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Two of EMERGENCY’s healthcare facilities in Afghanistan have been hit by crossfire in the last 24 hours. 

This evening (Monday 9 August), a rocket exploded in the compound of EMERGENCY’s Lashkar-Gah Surgical Centre for War Victims.  A rocket also landed next door in the compound of Boost Hospital, which is supported by MSF. Fortunately, there were no injuries.

“Tonight, a small missile landed in our hospital. Luckily there were no causalities and just minor damage to the building. But we take this chance to re-emphasise that we are not a target.” Says Viktor Urosevic, EMERGENCY’s Medical Coordinator in Lashkar-Gah.

Last night (Sunday 8 August), shrapnel and bullets hit our First Aid Post in Maidan Shahr, near Kabul. No staff members were injured as we had been forced to temporarily close the facility shortly beforehand in order to protect the safety of our colleagues. The First Aid Post is in an area with heavy fighting and had already been hit by a barrage of bullets last Friday.

“Being forced to close a First Aid Post at a time like this means depriving the local population of emergency care in an area that has always lacked access to health facilities,” said Alberto Zanin, Medical Coordinator of our Surgical Centre in Kabul, “but right now we have no other option.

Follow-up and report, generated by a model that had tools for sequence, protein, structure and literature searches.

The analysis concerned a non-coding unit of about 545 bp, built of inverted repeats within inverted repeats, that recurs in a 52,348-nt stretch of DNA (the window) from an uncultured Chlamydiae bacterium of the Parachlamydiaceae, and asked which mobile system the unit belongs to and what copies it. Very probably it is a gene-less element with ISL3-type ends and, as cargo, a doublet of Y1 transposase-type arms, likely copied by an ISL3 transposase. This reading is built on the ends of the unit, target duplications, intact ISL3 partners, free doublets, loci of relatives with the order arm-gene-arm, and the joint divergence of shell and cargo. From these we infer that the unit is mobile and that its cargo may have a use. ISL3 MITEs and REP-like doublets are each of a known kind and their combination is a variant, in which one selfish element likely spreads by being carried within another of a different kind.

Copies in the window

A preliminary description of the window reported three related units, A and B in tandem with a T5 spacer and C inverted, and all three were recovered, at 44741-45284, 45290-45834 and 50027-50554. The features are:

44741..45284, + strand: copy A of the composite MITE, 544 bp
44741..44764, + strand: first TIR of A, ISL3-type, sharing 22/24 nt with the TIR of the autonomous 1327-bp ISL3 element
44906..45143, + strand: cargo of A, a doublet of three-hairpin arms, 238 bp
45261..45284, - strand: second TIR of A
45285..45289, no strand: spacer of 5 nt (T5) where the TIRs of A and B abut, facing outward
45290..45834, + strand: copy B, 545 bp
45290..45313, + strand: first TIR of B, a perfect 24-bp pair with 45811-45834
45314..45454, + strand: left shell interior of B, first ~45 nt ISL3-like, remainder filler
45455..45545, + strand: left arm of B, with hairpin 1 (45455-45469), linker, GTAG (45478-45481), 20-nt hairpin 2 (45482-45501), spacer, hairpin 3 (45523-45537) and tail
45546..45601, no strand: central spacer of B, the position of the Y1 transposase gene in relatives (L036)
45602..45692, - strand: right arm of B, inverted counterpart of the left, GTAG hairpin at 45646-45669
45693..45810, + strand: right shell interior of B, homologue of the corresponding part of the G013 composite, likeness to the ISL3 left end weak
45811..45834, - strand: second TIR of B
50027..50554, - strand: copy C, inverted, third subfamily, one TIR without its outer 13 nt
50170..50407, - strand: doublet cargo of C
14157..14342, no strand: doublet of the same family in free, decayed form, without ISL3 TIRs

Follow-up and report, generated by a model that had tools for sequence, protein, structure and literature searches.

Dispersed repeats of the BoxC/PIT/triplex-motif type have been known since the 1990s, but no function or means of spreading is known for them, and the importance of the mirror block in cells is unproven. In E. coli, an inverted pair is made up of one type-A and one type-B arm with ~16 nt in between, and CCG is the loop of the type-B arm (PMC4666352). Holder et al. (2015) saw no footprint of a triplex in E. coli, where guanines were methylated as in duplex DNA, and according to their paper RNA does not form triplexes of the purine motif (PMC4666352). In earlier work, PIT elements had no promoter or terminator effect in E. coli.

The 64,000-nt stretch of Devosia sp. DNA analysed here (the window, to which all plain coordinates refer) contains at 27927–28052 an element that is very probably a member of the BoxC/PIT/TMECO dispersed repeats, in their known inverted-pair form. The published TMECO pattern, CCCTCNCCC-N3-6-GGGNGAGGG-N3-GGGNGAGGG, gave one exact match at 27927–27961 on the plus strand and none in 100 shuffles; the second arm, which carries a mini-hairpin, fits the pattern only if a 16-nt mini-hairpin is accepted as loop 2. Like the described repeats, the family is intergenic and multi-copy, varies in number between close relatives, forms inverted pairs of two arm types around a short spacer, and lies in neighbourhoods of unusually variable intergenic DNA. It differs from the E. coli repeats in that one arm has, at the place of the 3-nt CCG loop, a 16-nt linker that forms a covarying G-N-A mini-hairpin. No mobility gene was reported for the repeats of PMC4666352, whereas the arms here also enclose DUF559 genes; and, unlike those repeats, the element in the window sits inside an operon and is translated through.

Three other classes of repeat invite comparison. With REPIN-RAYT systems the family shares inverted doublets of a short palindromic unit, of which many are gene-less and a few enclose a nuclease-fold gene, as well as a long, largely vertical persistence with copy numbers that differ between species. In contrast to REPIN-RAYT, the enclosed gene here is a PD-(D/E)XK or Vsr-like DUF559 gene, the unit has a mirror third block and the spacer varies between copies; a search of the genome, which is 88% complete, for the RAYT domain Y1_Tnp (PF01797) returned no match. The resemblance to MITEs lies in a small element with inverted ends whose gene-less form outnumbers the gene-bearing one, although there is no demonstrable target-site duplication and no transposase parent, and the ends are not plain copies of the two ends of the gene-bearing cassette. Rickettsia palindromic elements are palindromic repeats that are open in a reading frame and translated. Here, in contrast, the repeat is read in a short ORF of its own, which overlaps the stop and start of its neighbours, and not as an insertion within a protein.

Hospitals are not a target. We again call on all parties to respect health facilities and ensure that they are not put in harm’s way.

EMERGENCY’s First Aid Posts and Healthcare Centres are crucial facilities for people living in remote areas of Afghanistan, because they often represent the only chance to receive immediate treatment and medical assistance. EMERGENCY’s First Aid Posts are linked to the organisation’s hospitals by a 24-hour ambulance service. During 2020, they received 320,000 patient visits and conducted more than 9,000 ambulance transfers.

EMERGENCY has been present in Afghanistan since 1999 with two Surgical Centres for War Victims in Kabul and Lashkar-Gah, a Surgical & Paediatric Centre and a Maternity Centre in Anabah, Panjshir Valley, and a network of 44 First Aid Posts and Healthcare Clinics.